Forty-three years ago, when he was 27 years old, Mike Slive packed up his white Ford station wagon with all of his life possessions, bed strapped down in the back of a station wagon that had once served as a yellow bus, and drove north from Washington, D.C. He was disillusioned with the practice of law and he'd just accepted a job in the Dartmouth admissions office. A year later, in 1968, Slive entered the world of athletics for the first time as an assistant athletic director at Dartmouth. At the time, one of his duties was distributing the tickets for the athletic events. "Real tickets in real envelopes," he says.
So on Sundays a then-28-year-old Slive and his newlywed wife, Lizzie, with whom he recently celebrated his 42nd wedding anniversary, would arrive in the athletics office. Alongside one another, the couple would put the tickets in the envelopes. It was a job for a man occupying the lowest rung of the athletics administration ladder. Asked if he ever put the wrong tickets in the wrong envelopes, Slive smiles, lifts his eyes skyward and travels on the long road back to the leafy Ivy League, back to where his journey in college athletics began, back to a hot office on a sleepy campus in the middle of a New Hampshire summer. "Not that I recall. I'm sure I did, but if I did, I repressed it," he says.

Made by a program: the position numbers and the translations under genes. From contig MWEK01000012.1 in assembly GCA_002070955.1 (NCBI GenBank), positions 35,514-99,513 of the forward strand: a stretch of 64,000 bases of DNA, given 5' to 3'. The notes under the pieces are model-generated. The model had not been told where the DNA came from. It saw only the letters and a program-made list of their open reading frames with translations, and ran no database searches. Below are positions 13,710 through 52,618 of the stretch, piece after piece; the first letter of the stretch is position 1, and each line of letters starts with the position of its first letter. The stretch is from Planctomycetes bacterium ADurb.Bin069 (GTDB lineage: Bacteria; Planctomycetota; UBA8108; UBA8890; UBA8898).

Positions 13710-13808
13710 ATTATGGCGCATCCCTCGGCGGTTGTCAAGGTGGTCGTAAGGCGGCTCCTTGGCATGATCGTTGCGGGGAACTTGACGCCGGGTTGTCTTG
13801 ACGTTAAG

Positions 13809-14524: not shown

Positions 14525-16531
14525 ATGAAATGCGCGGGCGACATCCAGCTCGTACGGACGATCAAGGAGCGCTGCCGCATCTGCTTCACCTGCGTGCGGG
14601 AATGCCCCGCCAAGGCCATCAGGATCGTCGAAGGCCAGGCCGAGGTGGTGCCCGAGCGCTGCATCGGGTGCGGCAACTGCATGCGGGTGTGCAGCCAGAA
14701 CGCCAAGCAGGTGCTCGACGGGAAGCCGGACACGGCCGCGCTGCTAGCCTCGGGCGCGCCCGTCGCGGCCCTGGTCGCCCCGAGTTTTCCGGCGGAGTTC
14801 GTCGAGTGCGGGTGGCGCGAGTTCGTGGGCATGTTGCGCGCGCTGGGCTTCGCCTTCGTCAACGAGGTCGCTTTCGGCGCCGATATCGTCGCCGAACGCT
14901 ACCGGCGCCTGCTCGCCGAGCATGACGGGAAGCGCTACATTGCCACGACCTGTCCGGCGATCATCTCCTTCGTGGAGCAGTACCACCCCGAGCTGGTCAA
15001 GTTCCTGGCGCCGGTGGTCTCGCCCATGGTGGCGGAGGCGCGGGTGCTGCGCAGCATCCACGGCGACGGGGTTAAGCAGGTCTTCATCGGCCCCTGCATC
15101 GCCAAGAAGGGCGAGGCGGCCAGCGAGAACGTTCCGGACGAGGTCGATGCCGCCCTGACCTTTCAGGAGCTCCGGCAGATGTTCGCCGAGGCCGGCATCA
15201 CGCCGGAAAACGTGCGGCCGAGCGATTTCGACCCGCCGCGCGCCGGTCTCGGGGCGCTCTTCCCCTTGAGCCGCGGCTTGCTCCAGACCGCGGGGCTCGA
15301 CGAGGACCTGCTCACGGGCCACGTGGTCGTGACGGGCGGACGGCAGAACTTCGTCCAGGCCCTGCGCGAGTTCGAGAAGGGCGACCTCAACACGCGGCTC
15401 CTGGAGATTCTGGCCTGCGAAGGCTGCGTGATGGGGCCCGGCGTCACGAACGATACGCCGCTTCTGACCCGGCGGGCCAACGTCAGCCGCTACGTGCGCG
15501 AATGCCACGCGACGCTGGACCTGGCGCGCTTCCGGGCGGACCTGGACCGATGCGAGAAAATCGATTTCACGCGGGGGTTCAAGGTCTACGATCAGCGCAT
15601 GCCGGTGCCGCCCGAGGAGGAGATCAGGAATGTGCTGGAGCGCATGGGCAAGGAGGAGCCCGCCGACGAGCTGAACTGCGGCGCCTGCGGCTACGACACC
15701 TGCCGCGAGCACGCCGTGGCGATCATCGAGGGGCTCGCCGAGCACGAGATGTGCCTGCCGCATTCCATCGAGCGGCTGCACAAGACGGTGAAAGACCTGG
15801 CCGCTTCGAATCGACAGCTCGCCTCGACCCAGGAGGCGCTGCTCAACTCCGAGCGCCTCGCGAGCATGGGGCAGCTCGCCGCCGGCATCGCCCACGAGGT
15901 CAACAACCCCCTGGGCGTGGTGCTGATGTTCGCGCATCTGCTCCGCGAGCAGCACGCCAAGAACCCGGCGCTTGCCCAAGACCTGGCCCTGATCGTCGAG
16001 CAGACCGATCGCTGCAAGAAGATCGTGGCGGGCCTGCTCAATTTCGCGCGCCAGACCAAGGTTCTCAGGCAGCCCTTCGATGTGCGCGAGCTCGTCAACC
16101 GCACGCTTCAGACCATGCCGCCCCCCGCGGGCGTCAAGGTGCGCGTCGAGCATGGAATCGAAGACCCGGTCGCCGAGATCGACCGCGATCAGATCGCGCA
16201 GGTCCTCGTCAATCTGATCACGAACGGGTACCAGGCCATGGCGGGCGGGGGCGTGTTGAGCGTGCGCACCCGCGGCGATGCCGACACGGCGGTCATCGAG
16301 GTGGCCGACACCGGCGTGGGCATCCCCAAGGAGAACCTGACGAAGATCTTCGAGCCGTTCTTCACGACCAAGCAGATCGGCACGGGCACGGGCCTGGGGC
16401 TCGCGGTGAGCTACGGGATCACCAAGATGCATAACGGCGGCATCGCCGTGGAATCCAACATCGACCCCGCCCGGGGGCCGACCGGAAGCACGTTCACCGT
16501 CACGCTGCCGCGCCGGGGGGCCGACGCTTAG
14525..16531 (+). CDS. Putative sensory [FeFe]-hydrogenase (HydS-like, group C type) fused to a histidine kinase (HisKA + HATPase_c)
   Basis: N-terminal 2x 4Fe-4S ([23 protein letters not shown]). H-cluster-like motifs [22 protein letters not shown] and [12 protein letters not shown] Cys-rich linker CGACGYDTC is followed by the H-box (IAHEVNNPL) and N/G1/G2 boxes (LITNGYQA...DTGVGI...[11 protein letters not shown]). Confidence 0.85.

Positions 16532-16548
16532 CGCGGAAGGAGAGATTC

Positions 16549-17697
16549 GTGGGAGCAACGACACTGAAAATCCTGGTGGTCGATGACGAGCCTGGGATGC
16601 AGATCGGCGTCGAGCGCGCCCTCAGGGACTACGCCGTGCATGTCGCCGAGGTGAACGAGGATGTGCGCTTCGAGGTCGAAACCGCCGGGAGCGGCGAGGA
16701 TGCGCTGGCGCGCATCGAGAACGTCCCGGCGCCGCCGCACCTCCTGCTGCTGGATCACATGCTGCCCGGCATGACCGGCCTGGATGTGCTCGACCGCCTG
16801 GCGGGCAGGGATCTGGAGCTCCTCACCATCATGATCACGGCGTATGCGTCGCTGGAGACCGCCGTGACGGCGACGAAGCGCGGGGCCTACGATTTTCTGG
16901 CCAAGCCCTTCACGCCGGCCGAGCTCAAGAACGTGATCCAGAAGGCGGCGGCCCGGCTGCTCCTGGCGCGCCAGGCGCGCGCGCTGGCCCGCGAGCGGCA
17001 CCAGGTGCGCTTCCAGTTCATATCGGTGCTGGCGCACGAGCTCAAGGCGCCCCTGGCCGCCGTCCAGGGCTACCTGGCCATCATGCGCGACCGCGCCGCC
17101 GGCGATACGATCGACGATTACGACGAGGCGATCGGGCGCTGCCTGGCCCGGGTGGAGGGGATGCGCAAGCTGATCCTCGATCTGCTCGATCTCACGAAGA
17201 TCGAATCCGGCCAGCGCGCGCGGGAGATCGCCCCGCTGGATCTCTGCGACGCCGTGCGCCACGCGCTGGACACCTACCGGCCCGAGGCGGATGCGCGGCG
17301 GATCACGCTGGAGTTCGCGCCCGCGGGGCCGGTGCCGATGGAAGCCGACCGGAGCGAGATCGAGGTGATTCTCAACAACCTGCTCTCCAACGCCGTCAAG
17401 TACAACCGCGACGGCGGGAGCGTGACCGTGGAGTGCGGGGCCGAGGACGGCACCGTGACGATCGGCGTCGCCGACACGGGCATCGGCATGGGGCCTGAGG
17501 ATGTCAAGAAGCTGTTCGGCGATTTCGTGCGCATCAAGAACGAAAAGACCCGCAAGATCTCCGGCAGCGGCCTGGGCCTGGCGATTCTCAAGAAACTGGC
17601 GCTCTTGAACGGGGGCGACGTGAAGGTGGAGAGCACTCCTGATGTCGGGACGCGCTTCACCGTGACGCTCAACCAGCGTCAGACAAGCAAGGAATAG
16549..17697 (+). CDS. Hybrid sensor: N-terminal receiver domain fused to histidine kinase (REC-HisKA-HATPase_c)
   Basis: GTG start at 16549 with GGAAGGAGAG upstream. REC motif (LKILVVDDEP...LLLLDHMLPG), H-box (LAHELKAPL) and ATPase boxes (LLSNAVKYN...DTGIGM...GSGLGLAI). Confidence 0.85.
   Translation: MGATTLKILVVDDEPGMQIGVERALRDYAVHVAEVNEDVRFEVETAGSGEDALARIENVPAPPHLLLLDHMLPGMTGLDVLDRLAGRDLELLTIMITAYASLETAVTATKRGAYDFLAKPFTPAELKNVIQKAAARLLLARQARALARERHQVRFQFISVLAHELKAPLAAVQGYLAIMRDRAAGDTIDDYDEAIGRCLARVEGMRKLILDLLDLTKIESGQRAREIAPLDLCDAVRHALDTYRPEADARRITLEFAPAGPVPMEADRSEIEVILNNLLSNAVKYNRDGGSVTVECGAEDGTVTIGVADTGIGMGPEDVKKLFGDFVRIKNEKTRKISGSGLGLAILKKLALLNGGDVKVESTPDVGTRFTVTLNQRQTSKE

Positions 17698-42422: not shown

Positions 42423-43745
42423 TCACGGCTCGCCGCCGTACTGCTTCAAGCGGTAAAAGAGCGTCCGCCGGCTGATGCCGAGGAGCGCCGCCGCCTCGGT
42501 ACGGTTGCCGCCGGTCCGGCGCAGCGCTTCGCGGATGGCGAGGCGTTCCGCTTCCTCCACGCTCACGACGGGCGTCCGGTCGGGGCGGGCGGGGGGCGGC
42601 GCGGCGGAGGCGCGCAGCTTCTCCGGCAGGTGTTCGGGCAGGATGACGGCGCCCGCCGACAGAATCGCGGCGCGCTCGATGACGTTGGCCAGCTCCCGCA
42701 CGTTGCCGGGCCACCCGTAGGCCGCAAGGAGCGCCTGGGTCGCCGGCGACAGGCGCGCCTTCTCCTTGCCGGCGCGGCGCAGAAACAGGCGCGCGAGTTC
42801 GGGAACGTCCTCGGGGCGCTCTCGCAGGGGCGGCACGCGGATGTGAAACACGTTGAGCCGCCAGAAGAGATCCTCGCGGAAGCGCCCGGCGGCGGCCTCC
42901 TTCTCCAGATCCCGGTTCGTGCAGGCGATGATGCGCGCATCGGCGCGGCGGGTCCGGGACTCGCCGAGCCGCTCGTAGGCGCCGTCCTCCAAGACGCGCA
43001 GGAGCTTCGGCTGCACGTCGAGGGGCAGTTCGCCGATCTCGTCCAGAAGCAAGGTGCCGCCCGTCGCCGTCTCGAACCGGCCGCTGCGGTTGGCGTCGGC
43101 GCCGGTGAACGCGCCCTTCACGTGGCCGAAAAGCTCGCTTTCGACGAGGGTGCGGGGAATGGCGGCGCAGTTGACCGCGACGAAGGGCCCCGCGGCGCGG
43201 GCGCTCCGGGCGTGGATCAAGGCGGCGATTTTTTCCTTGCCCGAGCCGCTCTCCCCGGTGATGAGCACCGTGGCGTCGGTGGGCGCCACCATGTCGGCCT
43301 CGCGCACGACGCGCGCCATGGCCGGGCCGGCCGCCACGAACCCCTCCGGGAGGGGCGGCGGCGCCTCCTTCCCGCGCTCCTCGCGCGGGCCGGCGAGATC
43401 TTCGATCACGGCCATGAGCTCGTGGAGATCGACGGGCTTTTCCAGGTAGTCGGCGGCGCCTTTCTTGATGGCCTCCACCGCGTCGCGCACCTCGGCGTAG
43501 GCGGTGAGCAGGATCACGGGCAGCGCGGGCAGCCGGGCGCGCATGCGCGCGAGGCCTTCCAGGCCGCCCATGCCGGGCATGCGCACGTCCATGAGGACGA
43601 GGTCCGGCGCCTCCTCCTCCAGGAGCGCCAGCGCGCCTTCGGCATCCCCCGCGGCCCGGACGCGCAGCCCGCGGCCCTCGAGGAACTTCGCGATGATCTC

He laughs, so softly that barely a sound escapes his lips, "I enjoyed it, extremely," he says.
Two generations and three years later, the man who once stuffed tickets in envelopes on sleepy summer weekends is now the most powerful man in college athletics. It's the afternoon now, late July, over 100 degrees outside in Birmingham, and just a few more minutes remain of SEC Media Days. Slive stands, stretches out his arms in front of him, reaches behind the chair and reclaims his navy suit coat.
Asked what he believes college sports will look like in 2040, a full hundred years after he was born and grew up listening to games on the radio in a time before television, Slive is silent for over a minute. Then he speaks, "What jumps in my mind is the word hope rather than what it will. Is the collegiate model sustainable? I would hope in 2040 that it would be sustainable. Because if it isn't, then we're going to have something different and maybe something redundant to what exists at the professional level. So I hope that there are still at least 5,000 men and women competing in 20 sports or more in the SEC and getting educational value from that experience as part of our mission of higher education.
"Whether that concept gets overwhelmed by the potential forces at work, I don't know, but I hope not. I hope that as people try to reach their own destiny, that they do it in a way that allows us to keep the educational values and mission in play and not make the country so cynical -- because the motives are so non-educational -- that we really don't have what we have, that we've lost the magic.
"It's a hope. Will it be? I really don't know."
More than a week after our conversation, my phone rings. It's Mike Slive. The old meat-cutter, a man who owes his 10 fingers to his precision, has a correction to make about the job he held during college. He's every bit, it turns out, as precise with his words as he was with his knives.
"I said I worked at PNC grocery store," Slive says, "It was actually P&C, with an ampersand." He pauses. "I just thought," he says, "you'd want to get it right."